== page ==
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Re: Writings support Louis's paternity to MA's son

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  • janet fauble
    Hi Dorit,   My intention is not to malign the king or the queen as that would be silly.  I just looked at all the photos of Axel Fersen which are in the
    Message 1 of 62 , Sep 26, 2008
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      Hi Dorit,
       
      My intention is not to malign the king or the queen as that would be silly.  I just looked at all the photos of Axel Fersen which are in the photos pages in the Images site and then at a photo of a portrait of Louis Charles and one can see that they resemble each other in the portraits.  And in the portrait that I just saw which is through yahoo search his eyes are brown and he resembles Fersen.  However, again, I would not know if the portrait is a credible likeness or not.
       
      Genetically, his physical appearance could harken back to some ancestor whose eyes were brown and hair was brown as well.  Simply because one does not look like one's parents does not mean that that child is not theirs, but that the genetic code is connected to another member of the same family.
       
      It can be coincidence that he resembled Fersen to some extent, and all that would have done is add fuel to the fire about the Queen and her relationship.  Again, if he had had a physical characteristic that proved he was the son of Louis XVI, such as a nose or chin that was exactly the same, he would have been accepted as son of the king regardless.
       
      But when I browsed through photos which are placed on the board in February 13, 2004, I have noticed that anyone would see immediately a likeness to Axel Fersen in the face.
       
      So we just have the right to disagree.  I do know that there are books written by authors who believe in this theory that Antoinette and Axel Fersen conducted a longtime affair under the nose and with the approval of the King.  So all I can say is I wonder.  I certainly do not know.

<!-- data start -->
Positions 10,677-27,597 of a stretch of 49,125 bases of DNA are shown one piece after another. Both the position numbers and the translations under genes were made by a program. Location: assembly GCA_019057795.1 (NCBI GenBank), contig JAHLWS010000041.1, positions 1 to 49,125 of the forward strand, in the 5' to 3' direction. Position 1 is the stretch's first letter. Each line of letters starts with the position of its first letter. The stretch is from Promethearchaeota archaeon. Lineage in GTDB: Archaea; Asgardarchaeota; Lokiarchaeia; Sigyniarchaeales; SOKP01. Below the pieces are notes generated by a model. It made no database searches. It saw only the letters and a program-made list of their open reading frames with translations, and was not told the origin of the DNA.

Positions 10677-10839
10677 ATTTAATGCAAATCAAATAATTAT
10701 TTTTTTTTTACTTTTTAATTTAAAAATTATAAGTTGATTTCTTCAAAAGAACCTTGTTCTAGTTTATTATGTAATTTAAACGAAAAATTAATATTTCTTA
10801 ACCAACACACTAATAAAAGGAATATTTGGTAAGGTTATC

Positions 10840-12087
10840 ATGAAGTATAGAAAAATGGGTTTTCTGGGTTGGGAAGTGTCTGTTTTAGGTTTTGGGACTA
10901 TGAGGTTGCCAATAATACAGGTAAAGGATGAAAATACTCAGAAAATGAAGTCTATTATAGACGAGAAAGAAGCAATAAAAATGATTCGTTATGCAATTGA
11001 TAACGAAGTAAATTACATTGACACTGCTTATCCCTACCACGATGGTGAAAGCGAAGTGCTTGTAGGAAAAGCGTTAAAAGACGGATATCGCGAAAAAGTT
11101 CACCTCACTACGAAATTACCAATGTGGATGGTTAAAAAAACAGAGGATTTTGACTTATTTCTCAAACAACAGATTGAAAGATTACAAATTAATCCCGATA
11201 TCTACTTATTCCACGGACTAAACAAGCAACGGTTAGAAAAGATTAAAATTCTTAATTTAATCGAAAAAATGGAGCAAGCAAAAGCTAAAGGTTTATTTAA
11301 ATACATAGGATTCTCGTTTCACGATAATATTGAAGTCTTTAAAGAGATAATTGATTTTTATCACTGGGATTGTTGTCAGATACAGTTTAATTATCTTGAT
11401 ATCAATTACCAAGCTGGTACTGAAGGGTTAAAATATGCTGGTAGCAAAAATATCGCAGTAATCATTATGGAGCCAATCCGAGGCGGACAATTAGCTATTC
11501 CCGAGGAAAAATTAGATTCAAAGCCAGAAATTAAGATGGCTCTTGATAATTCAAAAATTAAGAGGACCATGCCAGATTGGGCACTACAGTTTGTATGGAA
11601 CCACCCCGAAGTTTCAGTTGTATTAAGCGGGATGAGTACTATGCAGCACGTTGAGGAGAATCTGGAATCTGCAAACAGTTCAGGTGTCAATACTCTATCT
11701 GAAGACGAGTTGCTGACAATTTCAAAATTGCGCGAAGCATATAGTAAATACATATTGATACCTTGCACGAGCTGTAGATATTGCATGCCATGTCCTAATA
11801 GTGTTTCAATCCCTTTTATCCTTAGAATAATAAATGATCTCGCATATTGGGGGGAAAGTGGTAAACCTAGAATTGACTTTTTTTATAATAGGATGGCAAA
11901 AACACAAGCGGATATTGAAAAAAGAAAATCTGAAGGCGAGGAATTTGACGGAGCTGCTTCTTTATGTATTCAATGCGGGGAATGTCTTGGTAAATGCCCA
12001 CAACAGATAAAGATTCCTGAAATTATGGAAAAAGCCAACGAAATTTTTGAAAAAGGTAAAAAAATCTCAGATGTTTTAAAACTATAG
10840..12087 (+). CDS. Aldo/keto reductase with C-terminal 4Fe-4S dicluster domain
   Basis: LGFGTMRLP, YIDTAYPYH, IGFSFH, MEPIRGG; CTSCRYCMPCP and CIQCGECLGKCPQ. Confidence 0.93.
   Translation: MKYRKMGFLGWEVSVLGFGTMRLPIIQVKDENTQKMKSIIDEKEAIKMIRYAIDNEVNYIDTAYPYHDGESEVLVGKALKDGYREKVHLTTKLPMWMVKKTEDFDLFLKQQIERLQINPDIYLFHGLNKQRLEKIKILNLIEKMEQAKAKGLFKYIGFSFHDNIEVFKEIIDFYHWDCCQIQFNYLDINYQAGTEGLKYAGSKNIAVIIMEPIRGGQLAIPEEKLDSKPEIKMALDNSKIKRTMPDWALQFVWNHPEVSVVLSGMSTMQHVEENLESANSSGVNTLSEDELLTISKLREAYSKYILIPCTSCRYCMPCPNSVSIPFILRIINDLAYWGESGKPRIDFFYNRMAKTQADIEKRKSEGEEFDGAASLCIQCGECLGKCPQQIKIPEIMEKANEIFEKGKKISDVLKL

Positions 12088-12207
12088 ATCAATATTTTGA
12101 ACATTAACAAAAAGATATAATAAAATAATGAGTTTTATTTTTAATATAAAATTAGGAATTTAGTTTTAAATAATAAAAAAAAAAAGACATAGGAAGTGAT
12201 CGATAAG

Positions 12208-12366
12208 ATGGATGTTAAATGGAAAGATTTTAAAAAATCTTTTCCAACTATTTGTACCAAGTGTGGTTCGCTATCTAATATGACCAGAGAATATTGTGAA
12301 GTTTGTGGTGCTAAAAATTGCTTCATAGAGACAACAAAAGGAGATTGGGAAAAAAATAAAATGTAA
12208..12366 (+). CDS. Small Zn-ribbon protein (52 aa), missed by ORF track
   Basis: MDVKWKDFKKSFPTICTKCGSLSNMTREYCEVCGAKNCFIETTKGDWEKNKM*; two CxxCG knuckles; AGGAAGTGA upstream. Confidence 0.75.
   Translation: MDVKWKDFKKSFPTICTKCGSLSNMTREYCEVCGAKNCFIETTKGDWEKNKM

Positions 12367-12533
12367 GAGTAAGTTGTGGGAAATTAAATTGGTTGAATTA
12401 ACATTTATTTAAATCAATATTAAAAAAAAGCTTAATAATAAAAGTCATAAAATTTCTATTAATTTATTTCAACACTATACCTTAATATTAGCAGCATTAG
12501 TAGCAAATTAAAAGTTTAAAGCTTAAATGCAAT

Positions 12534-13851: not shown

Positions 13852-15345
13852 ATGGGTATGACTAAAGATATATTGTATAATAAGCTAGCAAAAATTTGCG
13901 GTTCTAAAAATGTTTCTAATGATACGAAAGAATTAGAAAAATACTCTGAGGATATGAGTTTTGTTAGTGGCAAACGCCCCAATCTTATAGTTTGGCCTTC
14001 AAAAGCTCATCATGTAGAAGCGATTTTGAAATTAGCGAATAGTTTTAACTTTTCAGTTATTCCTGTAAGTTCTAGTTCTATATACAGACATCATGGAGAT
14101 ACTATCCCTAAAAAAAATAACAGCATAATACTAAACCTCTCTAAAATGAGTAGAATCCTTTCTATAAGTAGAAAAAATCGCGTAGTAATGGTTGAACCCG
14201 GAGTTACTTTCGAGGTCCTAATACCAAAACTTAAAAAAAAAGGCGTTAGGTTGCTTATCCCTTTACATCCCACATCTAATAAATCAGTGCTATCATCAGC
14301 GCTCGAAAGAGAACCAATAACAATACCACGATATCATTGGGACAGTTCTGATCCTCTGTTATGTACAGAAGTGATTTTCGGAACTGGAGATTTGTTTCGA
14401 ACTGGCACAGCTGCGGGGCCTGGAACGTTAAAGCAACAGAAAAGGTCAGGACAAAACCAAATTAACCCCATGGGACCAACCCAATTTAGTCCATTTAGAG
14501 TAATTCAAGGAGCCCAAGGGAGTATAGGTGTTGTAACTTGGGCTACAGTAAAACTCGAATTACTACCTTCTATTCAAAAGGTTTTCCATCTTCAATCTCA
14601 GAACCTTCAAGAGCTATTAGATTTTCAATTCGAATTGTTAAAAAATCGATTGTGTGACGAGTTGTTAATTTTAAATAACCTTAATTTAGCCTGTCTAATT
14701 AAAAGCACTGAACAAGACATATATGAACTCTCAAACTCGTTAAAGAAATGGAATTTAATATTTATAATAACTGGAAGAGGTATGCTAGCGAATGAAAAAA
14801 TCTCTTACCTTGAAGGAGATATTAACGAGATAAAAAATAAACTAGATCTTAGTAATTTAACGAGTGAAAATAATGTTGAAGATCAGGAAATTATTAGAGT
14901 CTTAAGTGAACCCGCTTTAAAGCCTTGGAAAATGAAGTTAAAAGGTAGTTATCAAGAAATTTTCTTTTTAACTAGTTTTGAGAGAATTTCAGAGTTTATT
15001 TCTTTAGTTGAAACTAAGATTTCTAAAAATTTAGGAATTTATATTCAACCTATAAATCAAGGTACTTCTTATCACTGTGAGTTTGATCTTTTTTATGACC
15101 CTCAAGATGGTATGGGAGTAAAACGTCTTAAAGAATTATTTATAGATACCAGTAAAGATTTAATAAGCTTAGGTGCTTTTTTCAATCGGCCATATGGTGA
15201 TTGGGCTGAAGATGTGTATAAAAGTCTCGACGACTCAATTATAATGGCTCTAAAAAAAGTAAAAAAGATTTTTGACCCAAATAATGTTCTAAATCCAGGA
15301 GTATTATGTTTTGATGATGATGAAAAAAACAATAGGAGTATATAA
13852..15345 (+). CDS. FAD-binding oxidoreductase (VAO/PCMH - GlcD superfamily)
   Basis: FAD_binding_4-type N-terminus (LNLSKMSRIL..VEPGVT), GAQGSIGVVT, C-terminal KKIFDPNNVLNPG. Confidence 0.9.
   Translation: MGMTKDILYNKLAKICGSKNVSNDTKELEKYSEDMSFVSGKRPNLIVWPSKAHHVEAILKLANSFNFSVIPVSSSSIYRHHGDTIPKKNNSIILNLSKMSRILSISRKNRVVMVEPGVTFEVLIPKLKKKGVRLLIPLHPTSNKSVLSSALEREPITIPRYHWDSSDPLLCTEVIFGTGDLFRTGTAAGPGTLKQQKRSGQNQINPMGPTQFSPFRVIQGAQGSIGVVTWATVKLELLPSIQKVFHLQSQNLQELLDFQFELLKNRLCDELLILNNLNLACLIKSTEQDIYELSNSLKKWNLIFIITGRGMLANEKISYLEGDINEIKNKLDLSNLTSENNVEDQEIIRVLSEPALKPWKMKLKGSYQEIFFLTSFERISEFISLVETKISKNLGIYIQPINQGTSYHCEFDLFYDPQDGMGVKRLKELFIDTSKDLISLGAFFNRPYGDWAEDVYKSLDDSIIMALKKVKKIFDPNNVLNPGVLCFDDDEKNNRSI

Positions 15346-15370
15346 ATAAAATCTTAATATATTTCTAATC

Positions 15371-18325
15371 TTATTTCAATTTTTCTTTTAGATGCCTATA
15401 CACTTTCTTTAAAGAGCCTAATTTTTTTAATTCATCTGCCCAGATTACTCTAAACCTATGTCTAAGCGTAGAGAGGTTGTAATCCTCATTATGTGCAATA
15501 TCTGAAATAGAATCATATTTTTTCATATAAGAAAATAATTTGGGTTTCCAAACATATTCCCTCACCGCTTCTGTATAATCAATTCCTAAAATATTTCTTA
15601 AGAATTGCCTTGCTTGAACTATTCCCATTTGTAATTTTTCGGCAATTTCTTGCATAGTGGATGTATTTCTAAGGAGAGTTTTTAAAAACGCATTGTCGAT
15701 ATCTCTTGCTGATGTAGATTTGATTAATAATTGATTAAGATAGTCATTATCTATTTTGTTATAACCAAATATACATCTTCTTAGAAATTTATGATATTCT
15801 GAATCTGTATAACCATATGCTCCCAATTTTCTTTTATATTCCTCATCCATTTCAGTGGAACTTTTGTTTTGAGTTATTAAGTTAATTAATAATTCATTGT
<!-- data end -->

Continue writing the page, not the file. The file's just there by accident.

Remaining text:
Strange things happen.  It is always quite difficult to believe that Fersen's interest was just that of a good friend when he put his own life and neck on the line as he did. In the end, it also cost him his life.
       
      Jan

      --- On Fri, 9/26/08, doritmi <drub@...> wrote:
      From: doritmi <drub@...>
      Subject: Re: Writings support Louis's paternity to MA's son
      To: Images_of_Marie_Antoinette@yahoogroups.com
      Date: Friday, September 26, 2008, 4:47 PM

      Fersen had dark eyes, Louis Charles blue eyes like his parents - he
      certainly had Louis XVI's coloring. I don't think he looked like
      Fersen; guess we'll have to agree to disagree on that.
      >  
      > I just find that the eyes of the boy in the portrait look like those
      of Fersen's portraits. Maybe the artists were able to see something
      that others refused to see or would not admit to seeing.  Again, it is
      like the Sally Hemings/Tom Jefferson case of one son looking just like
      Tom Jefferson... the proof of the pudding is in the dna.
      >  


    • janet fauble
      Hi Dorit,   Well, to me the phrase is a lot like leibling in German.  Everyone calls their pet loves by pet names so in and of itself it is just a term of
      Message 62 of 62 , Sep 26, 2008
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        Hi Dorit,
         
        Well, to me the phrase is a lot like leibling in German.  Everyone calls their pet loves by pet names so in and of itself it is just a term of endearment.